The IRS has taken a hard position on employer payment plans under the ACA, and now the time is up for small employers to comply. An employer payment plan generally consists of an employer agreeing to pay or reimburse an employee’s premiums (on either a pre-tax or after-tax basis) for an individual health insurance policy. In Notice 2013-54. The IRS made it clear that a pre-tax employer payment plan arrangement was a group health plan that would not satisfy the ACA reform mandates, and a joint FAQ issued by the DOL, HHS, and IRS put the kibosh on post-tax arrangements as well. Employers that continue to offer an employer payment plan face a pretty steep penalty of $100 per employee per day for each violation of an ACA mandate.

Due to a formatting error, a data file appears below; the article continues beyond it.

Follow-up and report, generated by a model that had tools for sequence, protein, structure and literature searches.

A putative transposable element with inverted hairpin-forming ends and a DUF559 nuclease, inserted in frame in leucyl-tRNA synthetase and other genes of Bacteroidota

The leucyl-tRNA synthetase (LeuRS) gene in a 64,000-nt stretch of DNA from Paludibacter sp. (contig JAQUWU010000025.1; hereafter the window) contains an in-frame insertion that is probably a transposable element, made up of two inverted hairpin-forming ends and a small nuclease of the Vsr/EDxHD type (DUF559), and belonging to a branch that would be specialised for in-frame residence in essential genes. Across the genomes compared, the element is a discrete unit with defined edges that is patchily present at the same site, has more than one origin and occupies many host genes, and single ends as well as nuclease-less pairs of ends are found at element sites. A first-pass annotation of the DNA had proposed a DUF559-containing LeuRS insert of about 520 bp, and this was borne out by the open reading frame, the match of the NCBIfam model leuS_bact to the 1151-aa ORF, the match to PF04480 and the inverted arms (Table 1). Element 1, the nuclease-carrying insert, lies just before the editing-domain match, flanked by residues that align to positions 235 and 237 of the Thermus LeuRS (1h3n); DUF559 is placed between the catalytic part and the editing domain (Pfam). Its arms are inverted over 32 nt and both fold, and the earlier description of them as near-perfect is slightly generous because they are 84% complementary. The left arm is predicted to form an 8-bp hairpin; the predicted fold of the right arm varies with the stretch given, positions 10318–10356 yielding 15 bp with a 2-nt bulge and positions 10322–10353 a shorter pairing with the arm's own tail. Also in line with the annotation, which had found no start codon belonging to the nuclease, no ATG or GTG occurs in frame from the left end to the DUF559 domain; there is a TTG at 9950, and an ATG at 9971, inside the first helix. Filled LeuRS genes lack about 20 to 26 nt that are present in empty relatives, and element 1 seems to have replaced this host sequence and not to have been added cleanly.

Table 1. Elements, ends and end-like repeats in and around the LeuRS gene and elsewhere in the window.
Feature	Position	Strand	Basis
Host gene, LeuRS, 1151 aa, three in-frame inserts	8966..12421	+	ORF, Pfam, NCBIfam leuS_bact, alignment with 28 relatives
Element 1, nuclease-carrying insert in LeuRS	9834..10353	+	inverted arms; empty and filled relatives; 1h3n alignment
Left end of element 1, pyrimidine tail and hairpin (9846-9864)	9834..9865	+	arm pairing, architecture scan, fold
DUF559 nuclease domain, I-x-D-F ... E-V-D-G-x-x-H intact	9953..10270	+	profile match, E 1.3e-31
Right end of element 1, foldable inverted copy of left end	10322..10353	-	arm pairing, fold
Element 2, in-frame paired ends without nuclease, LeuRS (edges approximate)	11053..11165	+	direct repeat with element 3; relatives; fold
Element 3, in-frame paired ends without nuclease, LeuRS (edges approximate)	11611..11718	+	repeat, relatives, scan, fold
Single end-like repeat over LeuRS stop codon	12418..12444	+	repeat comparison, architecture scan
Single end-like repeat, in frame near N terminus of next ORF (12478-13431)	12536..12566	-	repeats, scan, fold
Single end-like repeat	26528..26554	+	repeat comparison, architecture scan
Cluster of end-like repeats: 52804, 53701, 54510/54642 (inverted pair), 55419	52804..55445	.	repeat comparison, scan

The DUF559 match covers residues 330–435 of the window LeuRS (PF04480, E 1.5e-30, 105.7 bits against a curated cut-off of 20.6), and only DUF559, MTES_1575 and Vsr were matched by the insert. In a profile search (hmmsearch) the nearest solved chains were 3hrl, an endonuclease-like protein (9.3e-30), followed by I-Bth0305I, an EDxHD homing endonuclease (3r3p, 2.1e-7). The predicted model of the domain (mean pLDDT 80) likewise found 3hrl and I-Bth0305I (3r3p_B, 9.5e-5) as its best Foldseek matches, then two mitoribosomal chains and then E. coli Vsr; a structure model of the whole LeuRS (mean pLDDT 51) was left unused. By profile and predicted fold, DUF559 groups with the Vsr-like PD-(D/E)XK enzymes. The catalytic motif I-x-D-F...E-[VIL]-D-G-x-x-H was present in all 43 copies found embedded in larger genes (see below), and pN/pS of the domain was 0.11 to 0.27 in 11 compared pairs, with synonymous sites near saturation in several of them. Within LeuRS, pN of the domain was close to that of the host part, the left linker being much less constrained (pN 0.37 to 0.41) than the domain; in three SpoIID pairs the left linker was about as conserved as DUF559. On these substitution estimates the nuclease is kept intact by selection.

These employer payment plans have historically been popular among small employers looking to provide a health benefit for employees without the stress of sponsoring a group health plan. Recognizing everyone may not be ready for such a seismic shift, the IRS provided transition relief to small employers with less than 50 full-time and full-time equivalent employees (large employers were not so lucky) that allowed them to continue offering employer payment plans through July 1, 2015. Well, the calendar says July, so if you are still paying or reimbursing employees’ premiums for individual health insurance policies, you should quickly reassess your options. Employers can still provide extra after-tax compensation to employees (e.g., we’ll pay you an extra $500 per month because we will not be providing health insurance), as long as employees are not required to use it to obtain individual coverage or having already obtained individual coverage (e.g., show me your bill, and I’ll pay you that amount in cash). Switching to this after-tax approach may be the simplest option, but you may have other choices that would allow you to continue helping your employees without eliminating the payments entirely. Whatever you choose to do, just be sure to decide quickly or you may face a hefty penalty.